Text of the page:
The KSL deposit is located in the “Central European copper belt”, an area of some 600,000km2 which ranges from the UK via the Netherlands and Germany into Poland, and as far as the Baltic countries and Belarus. It is of the Kupferschiefer type, a thin (generally less than one meter thick) bed of marine bituminous marl of Upper Permian (Zechstein) age, occurring over a large area of north-central Europe. The Kupferschiefer has been exploited for silver and some base metals, notably copper, since medieval times. The mineralization is predominantly copper with some lead, zinc, gold and silver. The mineralization occurs in 3 layers of the Werra Series in Basal Zechstein stratigraphy: the Limestone, the Copper Shale and the Sandstone.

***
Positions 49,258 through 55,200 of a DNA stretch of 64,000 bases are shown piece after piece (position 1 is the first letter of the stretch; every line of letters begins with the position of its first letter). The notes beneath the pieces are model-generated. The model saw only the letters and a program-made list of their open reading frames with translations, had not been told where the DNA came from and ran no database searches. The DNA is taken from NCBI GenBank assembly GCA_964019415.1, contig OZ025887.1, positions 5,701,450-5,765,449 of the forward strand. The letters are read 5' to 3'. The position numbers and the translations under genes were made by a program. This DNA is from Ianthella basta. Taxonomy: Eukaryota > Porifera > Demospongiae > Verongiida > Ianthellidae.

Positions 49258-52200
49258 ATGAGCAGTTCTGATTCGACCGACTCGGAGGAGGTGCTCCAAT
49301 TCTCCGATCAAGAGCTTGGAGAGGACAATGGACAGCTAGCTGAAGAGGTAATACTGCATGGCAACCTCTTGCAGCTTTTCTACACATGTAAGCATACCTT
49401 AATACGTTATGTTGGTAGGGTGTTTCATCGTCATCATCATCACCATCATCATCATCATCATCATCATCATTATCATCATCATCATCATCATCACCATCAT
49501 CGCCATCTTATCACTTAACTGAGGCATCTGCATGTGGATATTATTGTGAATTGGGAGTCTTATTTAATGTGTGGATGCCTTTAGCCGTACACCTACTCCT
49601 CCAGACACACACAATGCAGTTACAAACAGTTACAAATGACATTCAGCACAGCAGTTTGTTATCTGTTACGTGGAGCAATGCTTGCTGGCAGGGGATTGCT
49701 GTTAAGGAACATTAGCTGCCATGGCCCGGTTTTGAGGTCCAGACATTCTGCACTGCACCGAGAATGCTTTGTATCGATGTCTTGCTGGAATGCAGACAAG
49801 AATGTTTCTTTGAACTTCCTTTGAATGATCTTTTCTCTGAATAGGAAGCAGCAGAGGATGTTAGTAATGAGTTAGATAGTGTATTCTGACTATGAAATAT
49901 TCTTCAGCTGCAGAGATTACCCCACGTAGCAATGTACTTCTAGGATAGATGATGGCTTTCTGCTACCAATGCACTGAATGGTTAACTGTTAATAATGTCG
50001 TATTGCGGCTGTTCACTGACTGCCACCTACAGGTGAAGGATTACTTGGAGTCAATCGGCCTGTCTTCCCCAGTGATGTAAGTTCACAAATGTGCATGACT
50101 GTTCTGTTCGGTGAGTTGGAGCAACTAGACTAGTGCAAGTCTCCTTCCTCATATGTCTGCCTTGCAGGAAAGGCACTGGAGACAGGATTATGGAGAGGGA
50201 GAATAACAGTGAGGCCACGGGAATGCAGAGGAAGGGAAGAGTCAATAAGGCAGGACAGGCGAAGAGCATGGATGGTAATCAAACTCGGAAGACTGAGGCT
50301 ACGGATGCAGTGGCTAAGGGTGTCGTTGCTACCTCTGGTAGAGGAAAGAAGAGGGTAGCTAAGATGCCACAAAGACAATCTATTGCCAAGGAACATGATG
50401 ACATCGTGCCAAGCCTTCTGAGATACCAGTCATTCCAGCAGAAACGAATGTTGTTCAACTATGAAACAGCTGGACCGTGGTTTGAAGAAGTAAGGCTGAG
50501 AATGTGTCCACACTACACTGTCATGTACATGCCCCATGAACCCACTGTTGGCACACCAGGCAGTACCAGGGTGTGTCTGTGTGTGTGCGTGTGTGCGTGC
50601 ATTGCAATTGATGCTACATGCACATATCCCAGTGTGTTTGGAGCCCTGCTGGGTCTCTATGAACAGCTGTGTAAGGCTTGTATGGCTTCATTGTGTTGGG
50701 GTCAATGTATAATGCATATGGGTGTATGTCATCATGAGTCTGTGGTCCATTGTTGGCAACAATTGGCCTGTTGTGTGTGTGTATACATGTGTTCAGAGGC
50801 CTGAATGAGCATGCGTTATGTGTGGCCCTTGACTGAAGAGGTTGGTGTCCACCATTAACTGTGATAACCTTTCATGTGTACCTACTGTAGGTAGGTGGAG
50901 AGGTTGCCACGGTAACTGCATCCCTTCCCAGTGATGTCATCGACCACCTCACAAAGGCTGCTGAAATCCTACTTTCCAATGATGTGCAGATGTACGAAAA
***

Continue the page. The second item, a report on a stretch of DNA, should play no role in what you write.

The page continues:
The database consits of 164 drill holes (or wedges), 52 of which intersect mineralization. The last drilling campaign in 2009/10 led to a NI 43-101 Resource Report by SGS Canada Inc defining 115 million tonnes of Indicated resources at a total of 1.9% CuEQ and Inferred Resources of 14.5 million tonnes at a total of 1.89% CuEQ.